Donald Trump and Hillary Clinton are taking steps to open up to the press while also intensifying their criticism of the media as both look to shape coverage in the presidential campaign’s final 60 days.
Trump has lifted a controversial ban on certain outlets from covering his rallies, while Clinton this week broke a 278-day long streak of not holding a press conference.
Both candidates are image-conscious, historically unpopular, and hell-bent on controlling how the media portrays them through the home-stretch.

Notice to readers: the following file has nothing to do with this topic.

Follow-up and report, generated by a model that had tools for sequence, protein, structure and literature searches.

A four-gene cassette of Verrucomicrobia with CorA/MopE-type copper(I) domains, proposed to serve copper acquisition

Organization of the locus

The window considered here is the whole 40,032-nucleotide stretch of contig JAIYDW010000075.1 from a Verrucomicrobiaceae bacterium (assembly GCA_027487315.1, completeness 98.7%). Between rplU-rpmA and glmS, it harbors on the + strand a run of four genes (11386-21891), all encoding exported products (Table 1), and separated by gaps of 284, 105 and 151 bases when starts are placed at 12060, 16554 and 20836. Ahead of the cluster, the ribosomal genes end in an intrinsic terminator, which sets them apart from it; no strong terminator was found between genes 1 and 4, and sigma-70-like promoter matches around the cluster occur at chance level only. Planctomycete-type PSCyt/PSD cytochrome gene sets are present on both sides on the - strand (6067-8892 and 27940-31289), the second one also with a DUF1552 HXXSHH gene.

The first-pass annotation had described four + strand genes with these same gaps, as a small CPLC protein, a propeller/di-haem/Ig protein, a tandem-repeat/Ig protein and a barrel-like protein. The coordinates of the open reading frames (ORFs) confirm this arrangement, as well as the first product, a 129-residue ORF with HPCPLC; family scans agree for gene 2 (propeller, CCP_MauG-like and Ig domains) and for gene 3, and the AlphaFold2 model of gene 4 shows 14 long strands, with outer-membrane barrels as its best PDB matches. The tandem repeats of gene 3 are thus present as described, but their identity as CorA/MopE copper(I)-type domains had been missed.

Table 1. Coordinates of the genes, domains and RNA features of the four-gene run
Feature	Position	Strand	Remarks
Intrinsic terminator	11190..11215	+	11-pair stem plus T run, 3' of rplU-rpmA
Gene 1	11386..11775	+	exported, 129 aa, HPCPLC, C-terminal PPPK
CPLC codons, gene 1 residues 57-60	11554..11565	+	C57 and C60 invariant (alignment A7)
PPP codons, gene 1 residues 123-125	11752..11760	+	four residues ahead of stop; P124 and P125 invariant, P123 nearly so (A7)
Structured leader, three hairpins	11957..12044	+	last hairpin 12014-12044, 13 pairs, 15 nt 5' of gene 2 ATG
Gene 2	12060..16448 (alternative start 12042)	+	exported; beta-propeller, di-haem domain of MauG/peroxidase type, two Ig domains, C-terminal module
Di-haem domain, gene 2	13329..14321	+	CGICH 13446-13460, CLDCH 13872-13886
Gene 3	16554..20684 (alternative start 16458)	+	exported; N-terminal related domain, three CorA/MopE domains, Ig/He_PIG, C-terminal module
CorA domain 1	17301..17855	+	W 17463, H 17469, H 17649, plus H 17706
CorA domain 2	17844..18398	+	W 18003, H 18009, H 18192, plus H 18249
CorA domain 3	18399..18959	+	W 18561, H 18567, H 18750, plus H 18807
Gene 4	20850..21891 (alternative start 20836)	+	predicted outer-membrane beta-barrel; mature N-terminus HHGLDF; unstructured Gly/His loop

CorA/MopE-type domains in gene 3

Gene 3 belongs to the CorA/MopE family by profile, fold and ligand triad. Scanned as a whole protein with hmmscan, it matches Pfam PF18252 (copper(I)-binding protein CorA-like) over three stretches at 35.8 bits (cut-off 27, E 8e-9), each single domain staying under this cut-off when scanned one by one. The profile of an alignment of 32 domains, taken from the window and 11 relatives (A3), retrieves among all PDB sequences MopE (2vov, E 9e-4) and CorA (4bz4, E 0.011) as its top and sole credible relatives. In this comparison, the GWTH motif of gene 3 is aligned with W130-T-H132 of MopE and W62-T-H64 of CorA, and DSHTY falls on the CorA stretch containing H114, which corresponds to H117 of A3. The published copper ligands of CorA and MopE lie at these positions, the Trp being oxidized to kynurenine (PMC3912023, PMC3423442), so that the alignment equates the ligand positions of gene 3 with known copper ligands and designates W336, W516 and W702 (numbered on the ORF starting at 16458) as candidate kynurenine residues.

“Undecided voters are at record levels — something like 15 to 20 percent,” said GOP strategist Ford O’Connell. “Therefore, the campaign that wins the media coverage over the next 60 days is very likely to win the presidential election.”
For Republicans, it has long been held as orthodoxy that the media is overwhelmingly liberal and biased against them.
But many conservatives believe reporters have dropped any veneer of impartiality now that Trump is the nominee.
“Essentially the media has made the collective determination that Trump is ‘dangerous’ and they are going to let everyone know about it,” said O’Connell.
“It’s a sheer media pile on, and I have never seen anything like it,” he added. “Dole, Bush, McCain never got treated like this. Forget Trump’s flaws or verbal miscues for a second, the mainstream media have abandoned its journalistic credo for fairness and flat out tilted the coverage against Trump.”